Blog Post

Where’s My Why?

Great leaders inspire action because they are crystal clear about the “why” of what they do and the how—a concept championed by visionary Simon Sinek. This article will provide a roadmap to arrive at your “why.”

Homing in On Your “Why”

The “why” defines the emotional connection people have to their work; it is a reminder about why it is meaningful, returning employees to a mindset of integrity. It is simple and memorable.

For individuals, “why” is the bridge between the spiritual and the physical expression of their talent. For teams, it gives the work they do together meaning. For an organization, the “why” guides and unites everyone.

Consider how we may arrive at Martin Luther King, Jr.’s “why.” If asked, what did he stand for? Most will state civil rights and equality. He was passionate for civil rights and equality; this is his “why.” Other “whys” include:

• Mahatma Gandhi existed for non-violence.

• Apple founder Steve Jobs existed for innovation.

• Mother Teresa existed for love and human dignity.

• Hospital emergency department team exists for quality care.

• A hospital referral team exists for the right service.

In determining your own “why” or that of your team or organization, ask:

• What do I/we stand for?

• What am I excited to express or give?

• What is the team passionate about delivering?

An important criterion for ensuring you are on track to identifying the “why” is the use of the word for. If your answers begin with the word “to” you have strayed into the world of “what.”

Take note, the “why” may also be embodied in a belief(s). For example, a surgical team may believe that when patients arrive for surgery, that they should be as worry free as possible and their medical care will be seamless. That team could exist for (the patient’s) peace of mind.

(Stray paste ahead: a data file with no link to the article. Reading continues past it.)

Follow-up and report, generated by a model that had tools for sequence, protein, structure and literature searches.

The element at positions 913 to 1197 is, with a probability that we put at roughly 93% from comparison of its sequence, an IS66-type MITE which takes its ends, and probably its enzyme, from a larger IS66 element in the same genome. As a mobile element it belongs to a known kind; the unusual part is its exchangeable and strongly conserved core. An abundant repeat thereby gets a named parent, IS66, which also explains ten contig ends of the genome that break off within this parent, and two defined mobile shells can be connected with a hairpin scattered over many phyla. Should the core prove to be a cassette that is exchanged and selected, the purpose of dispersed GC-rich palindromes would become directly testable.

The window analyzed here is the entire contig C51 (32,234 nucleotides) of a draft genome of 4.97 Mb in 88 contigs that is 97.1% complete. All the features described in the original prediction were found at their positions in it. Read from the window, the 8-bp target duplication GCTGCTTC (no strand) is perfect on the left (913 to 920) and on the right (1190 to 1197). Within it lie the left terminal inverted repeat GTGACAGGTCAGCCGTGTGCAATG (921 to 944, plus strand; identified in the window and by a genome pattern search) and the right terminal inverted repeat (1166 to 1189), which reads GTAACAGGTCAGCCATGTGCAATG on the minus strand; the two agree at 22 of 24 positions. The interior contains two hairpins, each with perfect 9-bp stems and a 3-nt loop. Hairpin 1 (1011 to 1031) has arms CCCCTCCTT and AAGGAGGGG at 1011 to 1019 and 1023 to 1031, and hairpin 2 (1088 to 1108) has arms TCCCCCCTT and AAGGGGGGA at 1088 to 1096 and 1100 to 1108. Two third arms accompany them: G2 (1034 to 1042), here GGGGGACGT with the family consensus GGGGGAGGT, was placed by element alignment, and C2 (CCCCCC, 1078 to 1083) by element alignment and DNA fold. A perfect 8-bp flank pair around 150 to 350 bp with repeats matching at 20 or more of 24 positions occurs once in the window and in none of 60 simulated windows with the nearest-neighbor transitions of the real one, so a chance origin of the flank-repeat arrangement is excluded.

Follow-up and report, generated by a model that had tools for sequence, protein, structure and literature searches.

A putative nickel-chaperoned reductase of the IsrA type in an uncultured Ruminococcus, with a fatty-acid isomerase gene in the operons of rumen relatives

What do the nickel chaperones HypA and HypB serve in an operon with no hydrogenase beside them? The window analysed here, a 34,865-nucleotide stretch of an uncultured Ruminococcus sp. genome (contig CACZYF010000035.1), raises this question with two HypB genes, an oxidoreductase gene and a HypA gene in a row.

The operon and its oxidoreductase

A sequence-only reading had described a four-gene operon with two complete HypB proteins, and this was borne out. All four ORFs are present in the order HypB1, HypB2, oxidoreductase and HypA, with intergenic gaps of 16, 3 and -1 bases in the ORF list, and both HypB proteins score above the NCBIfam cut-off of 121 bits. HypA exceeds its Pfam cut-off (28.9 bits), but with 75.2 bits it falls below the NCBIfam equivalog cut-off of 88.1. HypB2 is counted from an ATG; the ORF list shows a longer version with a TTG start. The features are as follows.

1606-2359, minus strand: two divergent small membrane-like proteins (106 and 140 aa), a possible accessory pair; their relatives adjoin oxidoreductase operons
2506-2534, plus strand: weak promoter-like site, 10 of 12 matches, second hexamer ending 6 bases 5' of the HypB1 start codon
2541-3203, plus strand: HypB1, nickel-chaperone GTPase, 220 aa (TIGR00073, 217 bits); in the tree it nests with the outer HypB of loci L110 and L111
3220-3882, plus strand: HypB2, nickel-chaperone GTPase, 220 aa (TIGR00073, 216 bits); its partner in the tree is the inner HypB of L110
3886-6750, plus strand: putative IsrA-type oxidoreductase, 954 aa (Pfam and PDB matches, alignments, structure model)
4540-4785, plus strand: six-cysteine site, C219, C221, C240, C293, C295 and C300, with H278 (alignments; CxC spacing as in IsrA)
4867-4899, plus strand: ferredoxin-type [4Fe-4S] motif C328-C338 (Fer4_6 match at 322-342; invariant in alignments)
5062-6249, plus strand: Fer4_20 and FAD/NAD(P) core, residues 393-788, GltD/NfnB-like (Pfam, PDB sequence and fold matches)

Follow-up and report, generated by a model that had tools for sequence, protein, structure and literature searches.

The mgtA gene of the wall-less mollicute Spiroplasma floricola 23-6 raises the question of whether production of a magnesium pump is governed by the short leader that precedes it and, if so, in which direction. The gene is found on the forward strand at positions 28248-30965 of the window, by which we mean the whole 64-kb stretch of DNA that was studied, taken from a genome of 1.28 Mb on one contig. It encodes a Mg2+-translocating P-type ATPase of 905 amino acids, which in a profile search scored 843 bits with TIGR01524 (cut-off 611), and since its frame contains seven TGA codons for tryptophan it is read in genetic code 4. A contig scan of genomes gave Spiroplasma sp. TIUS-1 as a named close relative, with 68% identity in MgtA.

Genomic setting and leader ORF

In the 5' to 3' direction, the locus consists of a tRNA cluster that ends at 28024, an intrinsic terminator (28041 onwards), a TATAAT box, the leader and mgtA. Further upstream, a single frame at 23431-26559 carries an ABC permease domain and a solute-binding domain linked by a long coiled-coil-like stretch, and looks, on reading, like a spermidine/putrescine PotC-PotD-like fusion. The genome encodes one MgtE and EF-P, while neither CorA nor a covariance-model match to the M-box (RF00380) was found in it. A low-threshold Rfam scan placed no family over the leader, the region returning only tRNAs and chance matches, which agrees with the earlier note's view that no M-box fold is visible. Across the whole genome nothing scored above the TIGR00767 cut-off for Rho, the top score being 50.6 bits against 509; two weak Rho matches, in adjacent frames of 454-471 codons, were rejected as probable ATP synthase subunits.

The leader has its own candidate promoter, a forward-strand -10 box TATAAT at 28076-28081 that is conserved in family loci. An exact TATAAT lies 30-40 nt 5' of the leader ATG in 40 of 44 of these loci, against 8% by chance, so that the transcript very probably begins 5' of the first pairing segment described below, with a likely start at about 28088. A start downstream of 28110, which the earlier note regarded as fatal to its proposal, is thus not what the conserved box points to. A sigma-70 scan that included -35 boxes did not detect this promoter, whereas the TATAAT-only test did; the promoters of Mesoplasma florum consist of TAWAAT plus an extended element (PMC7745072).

Homing in On Your “What”

Defining the “what” is easier because “what” questions pop up all the time: what do you want to do today? What software do you need for this project? What’s for dinner?

The “What”, in this case, describes your primary function—the one action you take to express “why” you exist. While there could be multiple functions, choosing a primary “what” provides clarity and focus.

King’s primary function was to march. For Gandhi, it was to fast. Steve Jobs’ was to think differently. Mother Teresa ministered to the poorest of the poor. The emergency department teams’ primary function is to reassure patients and families. The referral teams’ “what” is to connect the right patient to the right provider.

To home in on your “what,” ask: What is my team’s primary function? What is the key thing I do? Remember, a criterion for ensuring you are on track to determining the “what” is the use of the word to. If your responses begin with the word for you have strayed into the world of “why.”

Word of caution: It is very easy to ask the question “What am I good at?” to determine your primary function. Instead, take stock of what you have been doing, make a list and then choose.

Combining Your “Why” and “What”

Asking someone the question what do you do is common. Combining “Why” and “what” to respond to that question now becomes natural. This statement/response is sometimes referred to as an elevator pitch, but what makes this statement different is that it includes the “why.”

Responses to What do you do? that combine the “what” and “why:”

• King: I march (“what”) for civil rights and equality (“why”).

• Gandhi: I fast (“what”) for non-violence (“why”).

• Jobs: I think differently (“what”) for innovation (“why”).

• Mother Teresa: I minister to the poorest of the poor (“what”) for love and human dignity (“why”).

• The emergency department: We reassure patients and their families (“what”) that they will receive quality care (“why”).

• The patient referral team: We connect the right patient to the right provider (“what”) for the right service (“why”).

When you, teams, and organizations become clear about what they do—primary function— and the reason for existing, then the “how” naturally arises and the work becomes more fulfilling.

This post was written by Patricia Russell, founder of The Russell Consulting Group, coaches leaders and employees to confidently create cultures that are great places to work AND produce results. What’s her “Why?” Hope & Inspiration.

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